- SF Charter 1996 §3.100.
- SF Charter 1996 §15.105.
- Vega, Cecilia M. (September 26, 2007). "Mayor suspends Ed Jew from board, opening doors to political fight". San Francisco Chronicle. San Francisco: Hearst Communications, Inc. p. A-1. Retrieved July 29, 2009.
- Lagos, Marisa (December 5, 2008). "Crowd cheers swearing in of Supervisor Campos". San Francisco Chronicle. San Francisco: Hearst Communications, Inc. p. B-1. Retrieved July 28, 2009.
- "Section 2.116. President of the Board of Supervisors". 1996 Charter of the City and County of San Francisco. Municipal Code Corporation. Archived from the original on July 14, 2011. Retrieved July 29, 2009.
- "Proposition L" (PDF). San Francisco Voter Information Pamphlet: Primary Election, June 8, 1982. San Francisco: San Francisco Registrar of Voters Office. pp. 50–52. Retrieved July 30, 2009.
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- "List of Public Officers of the City and County of San Francisco", San Francisco Municipal Reports for the Fiscal Year 1898-99, Ending June 30, 1899, San Francisco: The Hinton Printing Co., 1899, p. Ap1-640–Ap1-717
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- San Francisco Municipal Reports for the Fiscal Year 1898-99, Ending June 30, 1899, San Francisco: The Hinton Printing Co., 1899, p. 75–76
- Charter of the city and county of San Francisco... ratified... 1898. ...in full force and effect, January 8, 1900. With amendments adopted... [to] November 5, 1918, in effect January 17, 1919, 1919, p. 4
- Charter of the city and county of San Francisco... ratified... 1898. ...in full force and effect, January 8, 1900. With amendments adopted... [to] November 5, 1918, in effect January 17, 1919, 1919, p. 225
- San Francisco Municipal Reports for the Fiscal Year 1899–1900, 1901
- Blake, Evarts I. (1902), San Francisco: A Brief Biographical Sketch of Some of the Most Prominent Men who Will Preside Over Her Destiny for at Least Two Years, Pacific Publishing Company
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- San Francisco Municipal Reports for the Fiscal Year 1904–1905, 1905, p. 426
- San Francisco Municipal Reports for the Fiscal Year 1905–6... and the Fiscal Year 1906–7., 1908, p. 798
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- San Francisco Municipal Reports for the Fiscal Year 1909–10., 1911, p. 1121
- San Francisco Municipal Reports for the Fiscal Year 1910–11., 1912, p. 1259
- Hichborn 1915, p. 154.
- San Francisco Municipal Reports for the Fiscal Year 1911–12., 1913, p. 1100
- San Francisco Municipal Reports for the Fiscal Year 1912–13., 1914, p. 861
- San Francisco Municipal Reports for the Fiscal Year 1913–14., 1915, p. 826
- San Francisco Municipal Reports for the Fiscal Year 1914–15., 1916, p. 937
- San Francisco Municipal Reports for the Fiscal Year 1915–16., 1918, p. 971
- San Francisco Municipal Reports for the Fiscal Year 1916–17., 1919, p. 1023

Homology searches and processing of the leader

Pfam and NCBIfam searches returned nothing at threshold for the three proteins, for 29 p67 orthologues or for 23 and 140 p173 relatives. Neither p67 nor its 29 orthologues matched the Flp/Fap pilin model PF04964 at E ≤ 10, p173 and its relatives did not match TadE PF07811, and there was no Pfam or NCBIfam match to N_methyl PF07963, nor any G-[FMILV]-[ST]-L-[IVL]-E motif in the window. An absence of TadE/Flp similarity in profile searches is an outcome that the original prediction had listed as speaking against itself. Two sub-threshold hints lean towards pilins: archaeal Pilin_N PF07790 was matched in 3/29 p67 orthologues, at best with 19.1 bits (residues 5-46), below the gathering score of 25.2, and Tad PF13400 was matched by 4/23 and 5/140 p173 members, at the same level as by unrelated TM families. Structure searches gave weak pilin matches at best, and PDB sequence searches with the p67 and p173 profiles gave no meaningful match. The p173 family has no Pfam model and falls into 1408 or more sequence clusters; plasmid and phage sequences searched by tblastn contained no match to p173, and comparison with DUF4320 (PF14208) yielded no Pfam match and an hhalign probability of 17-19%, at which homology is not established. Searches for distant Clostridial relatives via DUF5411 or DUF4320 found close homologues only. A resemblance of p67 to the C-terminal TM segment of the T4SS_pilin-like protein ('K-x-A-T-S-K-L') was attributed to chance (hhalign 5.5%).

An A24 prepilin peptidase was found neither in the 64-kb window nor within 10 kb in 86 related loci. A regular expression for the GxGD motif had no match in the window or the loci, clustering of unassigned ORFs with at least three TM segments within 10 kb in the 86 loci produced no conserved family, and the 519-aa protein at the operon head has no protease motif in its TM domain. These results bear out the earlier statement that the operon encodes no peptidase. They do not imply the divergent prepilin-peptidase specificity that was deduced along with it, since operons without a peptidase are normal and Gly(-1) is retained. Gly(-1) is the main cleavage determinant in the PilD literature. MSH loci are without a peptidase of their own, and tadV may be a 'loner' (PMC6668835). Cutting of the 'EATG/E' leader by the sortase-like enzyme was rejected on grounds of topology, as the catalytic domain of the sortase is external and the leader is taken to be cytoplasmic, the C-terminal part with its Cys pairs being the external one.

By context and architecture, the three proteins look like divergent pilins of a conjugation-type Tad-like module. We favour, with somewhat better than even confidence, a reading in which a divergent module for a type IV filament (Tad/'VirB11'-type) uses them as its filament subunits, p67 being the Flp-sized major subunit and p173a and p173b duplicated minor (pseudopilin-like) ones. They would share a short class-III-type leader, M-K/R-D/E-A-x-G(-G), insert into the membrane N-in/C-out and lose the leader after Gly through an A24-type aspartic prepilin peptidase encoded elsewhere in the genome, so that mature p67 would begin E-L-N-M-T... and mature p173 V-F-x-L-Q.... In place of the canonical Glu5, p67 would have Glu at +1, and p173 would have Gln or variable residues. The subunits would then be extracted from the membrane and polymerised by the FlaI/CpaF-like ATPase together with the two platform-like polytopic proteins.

- "Unofficial Count of Vote for Supervisor, Complete". San Francisco Chronicle: 3. November 8, 1917.
- "Ballot Totals Polled in S.F. City Election.". San Francisco Chronicle: 3. November 6, 1919.
- "Complete Returns". San Francisco Chronicle: 1. November 10, 1921.
- "Complete Vote Registered at Polls Tuesday". San Francisco Chronicle: 1. November 8, 1923.
- "Complete Returns". San Francisco Chronicle: 1. November 10, 1925.
- "Complete Election Returns". San Francisco Chronicle: 2. November 10, 1927.
- "Supervisors Vote by Districts". San Francisco Chronicle: 2. November 7, 1929.
- Hartman, Chester W. and Carnochan, Sarah, "City for Sale: The Transformation of San Francisco" University of California Press (2002), p. 239, ISBN 0-520-08605-8
- Sabatini, Joshua. "Peskin begins term on Board of Supervisors". San Francisco Examiner. Retrieved December 8, 2015.
- Gordon, Rachel (July 28, 2010). "Herrera will appeal Alioto-Pier decision". The San Francisco Chronicle.
- Gordon, Rachel (August 25, 2010). "Appeals court rules against Alioto-Pier". The San Francisco Chronicle.
- Six months after he took office, the FBI raided his office and homes for allegedly extorting money from small business owners in his district. Shortly after the raid, the city attorney began investigating Jew for violating residency requirements necessary to hold his supervisor position. In late 2008, he pleaded guilty to both charges. He was sentenced to 64 months in federal prison for extortion, and a year in county jail for perjury.Ed Jew tenders resignation from S.F. Board of Supervisors, San Francisco Chronicle.
- Interim supervisor becomes permanent replacement for Ed Jew, San Francisco Chronicle.
- ARTICLE XIII: ELECTIONS Archived 2006-11-26 at the Wayback Machine.
- S.F. mayor's finance office aide named interim replacement for Ed Jew, San Francisco Chronicle.
- "Section 3.100. Powers and Responsibilities". 1996 Charter of the City and County of San Francisco. American Legal Publishing Corporation. Retrieved January 2, 2017.
- "Section 15.105. Suspension and Removal". 1996 Charter of the City and County of San Francisco. American Legal Publishing Corporation. Retrieved January 2, 2017.
- Green, Emily (January 5, 2017). "AIDS activist Sheehy to succeed Wiener as SF supervisor". San Francisco Chronicle. Retrieved January 6, 2017.
- Hichborn, Franklin (1915), "The System" as Uncovered by the San Francisco Graft Prosecution, San Francisco: James H. Barry Company